Another issue with the show was the conflict regarding a 500-year grudge and the villain introduced sporadically throughout the drama’s run. The villain, Kim Won-young (Na In-woo), initially comes across as a cool and dark spirit while preying on people to gain strength, but his arc isn’t utilized strongly, so his presence is more of an afterthought than a well-rounded, well-developed inclusion. Kim Won-young’s ending was a low-point, too. Overall, the character was not necessary and felt added just for “drama” instead of a real plot-device. The show would have done better to build legitimate conflicts in trying to achieve Weol-ju’s goals instead of those goals being met almost too easily—and sometimes laughably– with each episode.


With resolving grudges, toward the end of the show’s run, the methods of solving issues got lazy and outlandish, so it started to feel like the writers stopped trying. For example, in episode 11, Weol-ju’s solving the Cinnabar’s ills via a karaoke session with Chanhwee was tragically cringy and out of place and one of those moments where the show almost lost credibility. While it is true that dreams often do not make sense (see episode six’s conception scenario), the karaoke session was just too far out of line compared to the rest of the drama’s dealings.

Mystic Pop-up Bar does have some bright moments. Choi Won-young is fantastic as Guibangjang as he is funny, heartwarming, and vulnerable. Lee Jun-hyeok as Chief Yeom also provides some strong and humorous moments to make him a standout co-star in the series. Both actors do well bringing dimension to the overall story, and it is fun watching them in each episode.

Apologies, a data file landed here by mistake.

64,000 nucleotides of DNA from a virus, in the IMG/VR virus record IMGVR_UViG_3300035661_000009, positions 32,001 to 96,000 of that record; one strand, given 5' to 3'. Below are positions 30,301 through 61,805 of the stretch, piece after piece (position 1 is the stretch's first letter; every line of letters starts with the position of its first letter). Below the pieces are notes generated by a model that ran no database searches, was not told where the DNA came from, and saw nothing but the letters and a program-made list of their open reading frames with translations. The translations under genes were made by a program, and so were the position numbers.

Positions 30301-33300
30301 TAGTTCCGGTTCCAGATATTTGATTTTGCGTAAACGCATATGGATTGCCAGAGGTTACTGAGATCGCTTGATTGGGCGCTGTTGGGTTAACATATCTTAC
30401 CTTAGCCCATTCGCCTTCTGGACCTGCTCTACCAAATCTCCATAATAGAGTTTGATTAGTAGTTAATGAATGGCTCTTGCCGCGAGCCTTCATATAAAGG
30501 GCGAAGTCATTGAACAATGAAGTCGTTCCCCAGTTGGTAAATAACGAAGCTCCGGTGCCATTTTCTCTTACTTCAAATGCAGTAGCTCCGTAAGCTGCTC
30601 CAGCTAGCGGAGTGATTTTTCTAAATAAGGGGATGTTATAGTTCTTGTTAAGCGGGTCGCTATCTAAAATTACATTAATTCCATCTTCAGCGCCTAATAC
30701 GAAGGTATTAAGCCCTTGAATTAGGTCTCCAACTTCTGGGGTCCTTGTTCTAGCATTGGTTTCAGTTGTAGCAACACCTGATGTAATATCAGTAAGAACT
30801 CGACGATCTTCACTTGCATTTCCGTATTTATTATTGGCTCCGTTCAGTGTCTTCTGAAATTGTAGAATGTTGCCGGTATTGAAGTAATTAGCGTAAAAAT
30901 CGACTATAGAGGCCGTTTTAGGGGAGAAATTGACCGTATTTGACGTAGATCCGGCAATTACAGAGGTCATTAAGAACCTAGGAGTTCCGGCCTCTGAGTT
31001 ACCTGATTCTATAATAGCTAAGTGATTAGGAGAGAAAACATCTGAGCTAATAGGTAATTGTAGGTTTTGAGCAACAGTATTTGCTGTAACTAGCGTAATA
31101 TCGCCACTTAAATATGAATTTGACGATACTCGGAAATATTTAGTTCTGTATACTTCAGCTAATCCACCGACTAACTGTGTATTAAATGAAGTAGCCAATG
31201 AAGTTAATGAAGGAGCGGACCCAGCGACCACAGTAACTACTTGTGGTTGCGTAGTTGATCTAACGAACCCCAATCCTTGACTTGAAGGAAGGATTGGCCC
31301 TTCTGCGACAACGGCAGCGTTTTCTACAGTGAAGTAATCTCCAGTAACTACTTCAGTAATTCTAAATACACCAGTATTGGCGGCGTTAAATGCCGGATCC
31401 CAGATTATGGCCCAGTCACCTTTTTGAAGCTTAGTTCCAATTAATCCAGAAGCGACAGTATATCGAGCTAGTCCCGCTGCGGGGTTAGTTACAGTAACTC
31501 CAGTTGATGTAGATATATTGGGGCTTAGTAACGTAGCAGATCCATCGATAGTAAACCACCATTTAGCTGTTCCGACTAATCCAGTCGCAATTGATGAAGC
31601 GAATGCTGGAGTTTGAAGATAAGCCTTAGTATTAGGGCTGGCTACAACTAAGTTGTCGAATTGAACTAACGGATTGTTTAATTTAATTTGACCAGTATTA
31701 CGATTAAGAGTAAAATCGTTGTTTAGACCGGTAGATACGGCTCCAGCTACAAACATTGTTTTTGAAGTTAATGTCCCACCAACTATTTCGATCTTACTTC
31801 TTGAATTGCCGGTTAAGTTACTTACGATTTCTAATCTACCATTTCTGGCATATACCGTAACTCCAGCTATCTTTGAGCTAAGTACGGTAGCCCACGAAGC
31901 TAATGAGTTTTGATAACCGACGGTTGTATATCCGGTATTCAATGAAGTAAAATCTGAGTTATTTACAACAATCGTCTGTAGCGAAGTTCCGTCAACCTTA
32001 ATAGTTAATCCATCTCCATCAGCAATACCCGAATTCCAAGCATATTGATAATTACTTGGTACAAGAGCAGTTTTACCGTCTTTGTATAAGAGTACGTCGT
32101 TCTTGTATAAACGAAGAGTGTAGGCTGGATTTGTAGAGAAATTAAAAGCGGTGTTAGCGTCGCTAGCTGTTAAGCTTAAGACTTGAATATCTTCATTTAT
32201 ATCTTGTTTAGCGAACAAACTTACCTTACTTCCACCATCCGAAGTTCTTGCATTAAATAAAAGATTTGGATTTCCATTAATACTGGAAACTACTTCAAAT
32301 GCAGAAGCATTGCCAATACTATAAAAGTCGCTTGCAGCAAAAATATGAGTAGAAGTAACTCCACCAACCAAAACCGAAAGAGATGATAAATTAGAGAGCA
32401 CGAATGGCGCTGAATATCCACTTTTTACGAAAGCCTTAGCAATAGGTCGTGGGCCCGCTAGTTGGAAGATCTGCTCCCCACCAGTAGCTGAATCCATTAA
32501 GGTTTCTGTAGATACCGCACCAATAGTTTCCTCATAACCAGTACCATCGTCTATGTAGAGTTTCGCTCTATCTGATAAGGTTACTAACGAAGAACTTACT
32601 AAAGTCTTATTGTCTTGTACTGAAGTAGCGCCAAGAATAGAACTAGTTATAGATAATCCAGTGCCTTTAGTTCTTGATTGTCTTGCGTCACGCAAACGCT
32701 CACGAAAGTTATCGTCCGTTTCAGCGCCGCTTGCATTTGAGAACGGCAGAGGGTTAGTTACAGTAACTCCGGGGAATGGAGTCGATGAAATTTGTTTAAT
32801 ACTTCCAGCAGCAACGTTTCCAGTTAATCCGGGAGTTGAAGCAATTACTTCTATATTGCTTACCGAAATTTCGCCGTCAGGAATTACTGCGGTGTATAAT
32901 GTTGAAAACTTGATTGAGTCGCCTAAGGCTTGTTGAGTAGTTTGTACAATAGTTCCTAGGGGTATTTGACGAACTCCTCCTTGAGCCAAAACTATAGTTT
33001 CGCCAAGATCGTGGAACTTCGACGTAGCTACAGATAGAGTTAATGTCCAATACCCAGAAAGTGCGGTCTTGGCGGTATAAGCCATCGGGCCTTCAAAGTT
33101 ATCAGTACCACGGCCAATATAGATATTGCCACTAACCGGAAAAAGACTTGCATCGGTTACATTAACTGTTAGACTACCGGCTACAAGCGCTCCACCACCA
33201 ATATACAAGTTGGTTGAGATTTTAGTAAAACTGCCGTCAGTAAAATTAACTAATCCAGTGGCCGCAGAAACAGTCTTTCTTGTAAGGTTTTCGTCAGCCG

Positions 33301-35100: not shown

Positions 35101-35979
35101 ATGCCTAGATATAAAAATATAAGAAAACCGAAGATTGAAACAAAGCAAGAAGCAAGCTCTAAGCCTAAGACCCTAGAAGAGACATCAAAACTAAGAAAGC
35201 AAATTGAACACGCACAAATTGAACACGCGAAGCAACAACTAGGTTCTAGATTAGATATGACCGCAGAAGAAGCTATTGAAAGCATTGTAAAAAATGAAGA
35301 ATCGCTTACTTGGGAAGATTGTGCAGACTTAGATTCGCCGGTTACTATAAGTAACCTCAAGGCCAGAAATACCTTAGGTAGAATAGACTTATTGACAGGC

Along with some strong performances by Choi and Lee, there are some standout episodes that pack an emotional punch. Particularly, episodes five, six, and eight will make the viewer cry and laugh because the stories are relatable and tragic to some degree while maintaining shreds of humor. These episodes feature solid performances by the secondary characters in each scenario, and they do make the show worthwhile.

Other positives Mystic Pop-up Bar has to offer belong to cinematography and wardrobe. The show boasts some beautiful shots around Korea and does well showing the beauty, darkness, and randomness of dreams. Meanwhile, Weol-ju’s wardrobe and beautiful outfits steal the show and help paint who she is as a character. Her outfits bring about a strong, happy exterior while hiding the inner torment she feels. For Guibangjang, his plain, relaxed attire does a great job painting him as a different person than who he truly is, so clothes being used as a mask is a brilliant device that should be applauded.

Overall, Mystic Pop-up Bar is not the strongest drama right now, but it has many moments that make it worth the watch. It does tend to lack conflict-wise by trying to bring in an antagonist, and this portion of the show could have been left out in favor of dealing with more difficult grudges and more personal, heart-reaching stories. The show earns a 2.5/5 rating.


—-Olivia Murray